d hard to save the life of General John Adams, of Mississippi. Colonel Stewart called to our men not to fire on him, but it was too late. Adams rode his horse over the ditch to the top of the parapet, undertook to grasp the old flag from the hands of our color-sergeant, when he fell, horse and all, shot by the color-guard. I was a reenlisted veteran, and went through twenty-seven general engagements, but I am sure that Franklin was the hardest-fought field that I ever stood upon. General J. D. Cox [in his Franklin and Nashville ] censures General Wagner for holding to his advanced position too long, calls his action a gross blunder, etc.; but, as one of Cox's men, I looked upon the matter in a different light. I think if Cleburne had not struck Wagner's two brigades as he did that his brave lads would have broken our line successfully; but, as it was, his men were badly winded with his work with Wagner, which gave Opdycke's and White's men a better chance to check him at the c
Robert Underwood Johnson, Clarence Clough Buell, Battles and Leaders of the Civil War. Volume 4., Repelling Hood's invasion of Tennessee. (search)
eneral Hatch, and by the orders of General Thomas, who, on the 20th, had directed General Schofield to prepare to fall back to Columbia, the two divisions of General J. D. Cox and General George D. Wagner (the latter Newton's old division) were ordered to march to Lynnville — about half-way to Columbia — on the 22d. On the 23d theCorps, told General Schofield that he believed he could carry the hill in his front, but doubted if he could hold it without assistance. The ground in front of General Cox, on Couch's right, also offered grand opportunities for a successful assault. Meantime the cavalry, on Cox's right, had made its way beyond the extreme left flCox's right, had made its way beyond the extreme left flank of the enemy, and was moving northward over the wooded hills direct to the rear of the extreme rebel left. General Thomas, who had been making a reconnoissance, had no sooner reached Schofield's front than General McArthur, who commanded one of Smith's divisions, impatient at the long waiting, and not wanting to spend the se
Robert Underwood Johnson, Clarence Clough Buell, Battles and Leaders of the Civil War. Volume 4., The Union cavalry in the Hood campaign. (search)
infantry as well as cavalry, were widely scattered. They were the remnants of three armies, and although the supreme command had been conferred on Thomas, a host in himself, aided by such able lieutenants as Generals Stanley, Schofield, Steedman, Cox, and Thomas J. Wood, and finally by A. J. Smith, it was by no means certain that their forces could be welded into an efficient army in time to check the onset of Hood's fleet-footed and fiercely aggressive veterans. On the 19th of November thenk. The battle of Franklin occurred the next day, and, as is well known, resulted in a signal victory for the National arms, and also in irreparable loss of men and officers to Hood's gallant army. On the Union side the heroes were Stanley and Cox and Opdycke. Their prompt action neutralized the faults of others, and wrested victory from the intrepid Cleburne and his no less intrepid companions. One important circumstance connected with this battle has been persistently dwarfed or negle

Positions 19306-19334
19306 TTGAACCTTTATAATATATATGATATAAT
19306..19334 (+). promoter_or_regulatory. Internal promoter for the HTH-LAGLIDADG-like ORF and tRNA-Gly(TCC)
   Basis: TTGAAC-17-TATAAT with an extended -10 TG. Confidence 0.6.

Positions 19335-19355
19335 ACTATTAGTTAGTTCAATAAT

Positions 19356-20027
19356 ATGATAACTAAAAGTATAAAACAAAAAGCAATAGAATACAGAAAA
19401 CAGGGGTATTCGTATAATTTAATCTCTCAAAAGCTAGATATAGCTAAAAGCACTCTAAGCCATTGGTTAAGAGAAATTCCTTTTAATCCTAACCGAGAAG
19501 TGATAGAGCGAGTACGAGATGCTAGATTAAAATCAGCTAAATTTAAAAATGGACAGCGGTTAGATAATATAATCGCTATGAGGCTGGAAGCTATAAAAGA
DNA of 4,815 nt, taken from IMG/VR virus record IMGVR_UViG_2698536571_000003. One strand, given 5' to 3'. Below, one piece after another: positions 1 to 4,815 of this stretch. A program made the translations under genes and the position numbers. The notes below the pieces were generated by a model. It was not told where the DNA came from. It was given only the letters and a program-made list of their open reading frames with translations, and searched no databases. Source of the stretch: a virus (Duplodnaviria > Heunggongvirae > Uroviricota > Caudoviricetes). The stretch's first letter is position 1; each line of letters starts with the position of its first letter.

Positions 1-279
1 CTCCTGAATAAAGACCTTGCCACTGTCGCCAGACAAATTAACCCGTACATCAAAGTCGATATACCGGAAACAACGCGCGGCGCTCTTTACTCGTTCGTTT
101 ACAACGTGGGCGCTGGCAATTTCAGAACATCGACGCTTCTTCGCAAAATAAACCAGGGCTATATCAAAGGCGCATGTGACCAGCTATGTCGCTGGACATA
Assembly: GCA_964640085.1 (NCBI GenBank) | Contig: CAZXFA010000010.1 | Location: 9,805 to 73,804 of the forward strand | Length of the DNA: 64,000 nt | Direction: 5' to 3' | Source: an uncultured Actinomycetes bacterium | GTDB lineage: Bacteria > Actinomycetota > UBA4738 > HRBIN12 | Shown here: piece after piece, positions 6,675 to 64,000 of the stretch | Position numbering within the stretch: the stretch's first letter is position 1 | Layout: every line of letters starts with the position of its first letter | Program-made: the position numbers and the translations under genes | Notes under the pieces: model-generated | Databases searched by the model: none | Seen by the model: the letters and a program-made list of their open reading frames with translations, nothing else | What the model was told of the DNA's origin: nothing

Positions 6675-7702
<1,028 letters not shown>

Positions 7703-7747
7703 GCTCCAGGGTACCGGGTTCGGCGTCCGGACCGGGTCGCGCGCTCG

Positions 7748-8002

Robert Underwood Johnson, Clarence Clough Buell, Battles and Leaders of the Civil War. Volume 4., The opposing forces at Nashville, Dec. 15-16, 1864. (search)
l. Charles A. Zollinger; 23d Mich., Col. Oliver L. Spaulding; 111th Ohio, Col. Isaac R. Sherwood; 118th Ohio, Maj. Edgar Sowers. Brigade loss: k, 2; w, 34 == 36. Third Brigade, Col. John Mehringer: 91st Ind., Lieut.-Col. Charles H. Butterfield; 123d Ind., Col. John C. McQuiston; 50th Ohio, Lieut.-Col. Hamilton S. Gillespie; 183d Ohio, Col. George W. Hoge. Brigade loss: k, 2; w, 20 ==22. Artillery: 15th Ind., Capt. Alonzo D. Harvey; 19th Ohio, Capt. Frank Wilson. Third division, Brig.-Gen. Jacob D. Cox. First Brigade, Col. Charles C. Doolittle: 12th Ky., Col. Laurence H. Rousseau; 16th Ky., Capt. Jacob Miller; 100th Ohio, Lieut.-Col. Edwin L. Hayes; 104th Ohio, Lieut.-Col. Oscar W. Sterl; 8th Tenn., Capt. James W. Berry. Brigade loss: w, 5. Second Brigade, Col. John S. Casement: 65th Ill., Lieut.-Col. W. Scott Stewart; 65th Ind., Lieut.-Col. John W. Hammond; 124th Ind., Col. John M. Orr; 103d Ohio, Capt. Henry S. Pickands; 5th Tenn., Lieut.-Col. Nathaniel Witt. Brigade loss: w,
Robert Underwood Johnson, Clarence Clough Buell, Battles and Leaders of the Civil War. Volume 4., Operations in east Tennessee and south-west Virginia. (search)
re widely scattered over the country in order to obtain subsistence, and before they could be concentrated the enemy had retreated across the mountains into Kentucky. The raiders were prevented from occupying Bristol and doing further damage by the timely arrival of General Marshall's force, which pursued to Jonesville. In May, 1862, a much larger invading force of infantry, cavalry, and artillery, numbering several thousand, was led up the Kanawha and New rivers, West Virginia, by General J. D. Cox. This column was met at Princeton, in Mercer County, and arrested by General Marshall in an engagement on the 16th of May, which resulted in the repulse and retreat of the invading force, whose killed and wounded were left behind. [See Vol. II., p. 280.] On the 3d of September, 1863, Burnside occupied Knoxville, Tennessee, with his army corps. General J. M. Shaekelford commanded Burnside's cavalry force in the Knoxville campaign.--editors. Nearly all the available Confederate
Robert Underwood Johnson, Clarence Clough Buell, Battles and Leaders of the Civil War. Volume 4., The opposing forces at the Monocacy, Md.: July 9th, 1864. (search)
Dungan; 10th, 23d, and 37th Va. Steuart's brigade), Lieut.-Col. S. H. Saunders. Breckinridge's division, Composition not clearly indicated. Brig.-Gen. John Echols. [Consisted of Echols's, Wharton's, and Vaughn's brigades, the latter being dismounted cavalry.] Rodes's division, Maj.-Gen. B. E. Bodes. Grimes's Brigade. 32d N. C.,----43d N. C.,----; 45th N. C.,----; 53d N. C.,----; 2d N. C. Batt'n,----. Cook's Brigade. 4th Ga.,----; 12th Ga.,----; 21st Ga.,----; 44th Ga.,----. Cox's Brigade: 1st N. C.,----; 2d N. C.----; 3d N. C.,----; 4th N. C.,----; 14th N. C.,----; 30th N. C.,----. Battle's Brigade: 3d Ala.,----; 5th Ala.,----; 6th Ala.,----; 12th Ala.,----; 61st Ala.,----. Ramseur's division, Maj.-Gen. S. D. Ramseur. Lilley's Brigade: 13th Va.,----; 31st Va.,----; 49th Va.,----; 52d Va.,----; 58th Va.,----. Johnston's Brigade. 5th N. C.,----; 12th N. C.,----; 20th N. C.,----; 23d N. C.,----. Lewis's Brigade: 6th N. C.,----; 21st N. C.,----; 54th N. C.,----;